ids, who ruled through a local dynasty known as the Kalbids (948–1040). The end of the Kalbids led to civil strife, which spread through Sicily, consequently weakening the Muslim hold on the island. In the first half of the eleventh century Norman knights under Robert Guiscard seized southern Italy from the Byzantines. His brother Roger invaded Sicily in 1060 and completed the Norman conquest of the island by 1091. The Normans famously admired and adopted Muslim culture. Highly stylized Norman architecture and ornamentation clearly illustrate Mashriqi and Maghribi influences, especially Roger II’s Cappella Palatina, an addition to the royal palace in Palermo. Roger II (r. 1127–1154) and his grandson, the Holy Roman Emperor Frederick II (r. 1215– 1250), were referred to as “ ‘the two baptized sultans of Sicily’ ” (Watt 1972, 5; Hitti 1970, 609). Embodying transculturalism, Frederick II also earned the name stupor mundi or wonder of the world. He spoke Arabic and his magnificent cosmopolitan court at Palermo astounded Europe and the Mediterra-

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nean world.29 The great geographer al-Idrisi (1100–1166), especially benefited from the patronage of Roger II and his son William I (r. 1154–1166). The Normans later established an ephemeral presence in Ifriqiya by capturing Tripoli in 1146, Mahdiyya, Sousse, and Sfax in 1148, and Annaba, Gabès, and Jerba in 1153, before being weakened by internal revolts and then expelled by the mighty Muwahhidun or Almohads (see Chapter 4). William II (r. 1166–1189) also allied with the Egyptian Fatimids against Saladin.

The Fatimids (909–1171) The powerful Aghlabid emirate weakened because of poor leadership, Berber restiveness, and especially because of the arrival of a da‘i, a Shi‘i “summoner” or missionary named Abu Abd Allah al-Shi‘i. Abu Abd Allah converted the Kutama tribe of eastern Algeria to Shi‘ism, in particular, to Isma‘ili Shi‘ism practiced by the Fatimids.30 The Fatimids, active in southern Iraq and then Syria, claimed descent from Fatima (Ali’s wife), the daughter of the Prophet.

Abu Abd Allah’s charge included a complementary political objective—

the takeover of the Aghlabid emirate to prepare for the arrival of the Fatimid imam and leader, Ubayd Allah, who dreamed of Shi‘i domination of the Maghrib and Mashriq. Abu Abd Allah and the Kutama campaigned relentlessly against the Aghlabids. In 909, Qayrawan fell, terminating the Aghlabid dynasty. This success propagated Isma‘ili doctrine throughout the Maghrib, Egypt, and the Mashriq (including the Hijaz). After a series of adventures, reminiscent of Abd al-Rahman and Idris, Ubayd Allah eventually landed in the Maghrib from the Mashriq, but he ended up as a captive of the Midrarids in Sijilmasa.31 Abu Abd Allah marched westward to free his master. Along the way, his formidable forces confronted and overwhelmed the Rustamids; their emirate/imamate ended in 909.32 Reaching Sijilmasa, Abu Abd Allah freed Ubayd Allah and the Fatimids took over that city. Ubayd Allah returned to Ifriqiya in triumph. In January 910, he officially proclaimed himself the Mahdi, the rightly guided one or redeemer, and amir al-mu’minin, commander of the faithful, a caliphal title.33 Abu Abd Allah increasingly questioned the Mahdi’s prerogatives and pretensions. Along with his brother Abu-l-Abbas and leaders of the Kutama, Abu Abd Allah apparently conspired against Ubayd Allah. The caliph ordered the execution of the faithful Abu Abd Allah and his brother in 911. Paul E. Walker states that Fatimid historiography blamed Abu-l-Abbas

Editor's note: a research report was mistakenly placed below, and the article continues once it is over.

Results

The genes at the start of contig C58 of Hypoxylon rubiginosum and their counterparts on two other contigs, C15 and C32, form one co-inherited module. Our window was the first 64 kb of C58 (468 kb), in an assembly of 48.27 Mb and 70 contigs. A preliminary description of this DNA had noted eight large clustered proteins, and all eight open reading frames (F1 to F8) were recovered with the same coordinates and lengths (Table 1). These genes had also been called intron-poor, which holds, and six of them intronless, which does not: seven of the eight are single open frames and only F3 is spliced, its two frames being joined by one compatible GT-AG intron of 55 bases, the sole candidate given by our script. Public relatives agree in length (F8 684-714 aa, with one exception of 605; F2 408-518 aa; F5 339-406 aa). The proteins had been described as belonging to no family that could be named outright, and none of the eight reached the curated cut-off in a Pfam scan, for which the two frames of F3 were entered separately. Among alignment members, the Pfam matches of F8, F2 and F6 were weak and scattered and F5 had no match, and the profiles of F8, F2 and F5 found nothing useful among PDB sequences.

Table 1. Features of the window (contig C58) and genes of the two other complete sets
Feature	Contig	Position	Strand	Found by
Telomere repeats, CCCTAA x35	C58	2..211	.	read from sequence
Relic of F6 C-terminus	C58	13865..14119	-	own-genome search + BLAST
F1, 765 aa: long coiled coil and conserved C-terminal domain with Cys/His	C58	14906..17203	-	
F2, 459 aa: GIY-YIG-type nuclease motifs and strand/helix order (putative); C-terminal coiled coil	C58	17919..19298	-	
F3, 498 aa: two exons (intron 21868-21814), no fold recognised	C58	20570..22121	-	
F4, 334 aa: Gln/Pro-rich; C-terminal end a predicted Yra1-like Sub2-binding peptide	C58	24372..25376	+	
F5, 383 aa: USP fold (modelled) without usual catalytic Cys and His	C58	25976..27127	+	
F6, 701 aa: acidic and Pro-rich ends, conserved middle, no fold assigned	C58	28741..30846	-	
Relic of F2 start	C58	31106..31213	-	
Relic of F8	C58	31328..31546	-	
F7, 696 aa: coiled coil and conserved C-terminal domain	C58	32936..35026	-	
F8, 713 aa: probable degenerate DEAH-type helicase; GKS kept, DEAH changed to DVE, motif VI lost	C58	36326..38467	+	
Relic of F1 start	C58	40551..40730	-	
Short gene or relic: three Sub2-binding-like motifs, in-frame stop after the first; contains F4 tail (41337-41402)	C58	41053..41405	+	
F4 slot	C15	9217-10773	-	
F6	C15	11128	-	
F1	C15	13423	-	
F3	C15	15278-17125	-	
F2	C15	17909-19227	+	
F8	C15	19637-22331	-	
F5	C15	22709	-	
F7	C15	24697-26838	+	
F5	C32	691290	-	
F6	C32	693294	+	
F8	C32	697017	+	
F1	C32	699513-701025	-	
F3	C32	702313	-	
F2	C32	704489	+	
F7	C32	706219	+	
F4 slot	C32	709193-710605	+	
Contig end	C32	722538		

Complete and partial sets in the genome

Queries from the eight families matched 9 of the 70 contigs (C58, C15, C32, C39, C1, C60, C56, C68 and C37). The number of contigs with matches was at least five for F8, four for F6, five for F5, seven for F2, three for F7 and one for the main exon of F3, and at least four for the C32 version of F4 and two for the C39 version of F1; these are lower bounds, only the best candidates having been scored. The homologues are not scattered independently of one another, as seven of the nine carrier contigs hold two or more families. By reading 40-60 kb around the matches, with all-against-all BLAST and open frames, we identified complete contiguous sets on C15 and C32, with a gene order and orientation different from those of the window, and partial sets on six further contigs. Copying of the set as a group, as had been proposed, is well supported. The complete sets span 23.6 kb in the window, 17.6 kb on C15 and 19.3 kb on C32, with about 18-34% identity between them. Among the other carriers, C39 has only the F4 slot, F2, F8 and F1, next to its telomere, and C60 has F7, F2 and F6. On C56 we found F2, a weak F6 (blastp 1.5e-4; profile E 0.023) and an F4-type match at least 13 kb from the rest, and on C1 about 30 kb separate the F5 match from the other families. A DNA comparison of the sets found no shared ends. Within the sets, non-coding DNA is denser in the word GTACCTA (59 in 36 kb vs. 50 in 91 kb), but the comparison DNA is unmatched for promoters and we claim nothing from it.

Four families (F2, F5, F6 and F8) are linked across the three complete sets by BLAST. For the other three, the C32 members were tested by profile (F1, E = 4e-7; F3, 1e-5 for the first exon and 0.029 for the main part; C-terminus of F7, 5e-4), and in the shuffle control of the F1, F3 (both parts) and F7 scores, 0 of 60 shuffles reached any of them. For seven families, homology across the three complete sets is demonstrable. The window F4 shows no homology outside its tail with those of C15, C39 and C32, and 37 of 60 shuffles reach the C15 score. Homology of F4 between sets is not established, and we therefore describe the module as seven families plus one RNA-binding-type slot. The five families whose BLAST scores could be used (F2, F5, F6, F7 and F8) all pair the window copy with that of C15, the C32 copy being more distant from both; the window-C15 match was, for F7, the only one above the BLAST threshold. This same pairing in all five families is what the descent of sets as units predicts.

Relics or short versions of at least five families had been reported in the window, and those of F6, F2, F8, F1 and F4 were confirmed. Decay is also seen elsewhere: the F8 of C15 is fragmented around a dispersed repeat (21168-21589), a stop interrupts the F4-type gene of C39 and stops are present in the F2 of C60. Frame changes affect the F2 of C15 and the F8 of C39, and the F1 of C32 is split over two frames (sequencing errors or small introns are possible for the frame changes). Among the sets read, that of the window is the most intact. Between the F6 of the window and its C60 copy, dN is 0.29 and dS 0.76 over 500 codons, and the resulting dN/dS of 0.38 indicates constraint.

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for this tragedy: “Such an explanation, while probably the officially approved account of the matter, like the whole incident itself, continues to be puzzling” (Walker 2002, 24).

The Fatimids presented themselves as both imams and caliphs. Their

overriding strategy sought to use the Maghrib as a base to take over Egypt and ultimately overthrow the Sunni Abbasid caliphate in Baghdad. Thus, they perceived their political presence in the Maghrib as strategic but provisional. After initial assaults against Egypt failed in 913 and 914, the Fatimids decided to strengthen their position in the Maghrib.34 They built a more defensible capital called Mahdiyya (in Tunisia), which featured a mosque that served as an architectural model for future Isma‘ili designs. Al-Bakri described the new capital as a maritime entrepôt where ships arrived from Alexandria, Sicily, and al-Andalus (al-Bakri 1965, 30/67). They mustered and trained a larger army that impressively campaigned in the west against Berbers, logistically supported by the Umayyads of al-Andalus (see below). Fez fell to Fatimid forces in 921. Thus, the Fatimids created a North African empire that would not be matched until the rise of the Almoravids and Almohads (see Chapter 4). They also secured the Muslim presence in Sicily and launched raids in northern Italy (between Genoa and Pisa) in 934–935 (and resumed from 1004 to 1015) (Walker 2002, 53).35

Even with Ibn Hawqal’s partiality toward the Fatimids taken into account,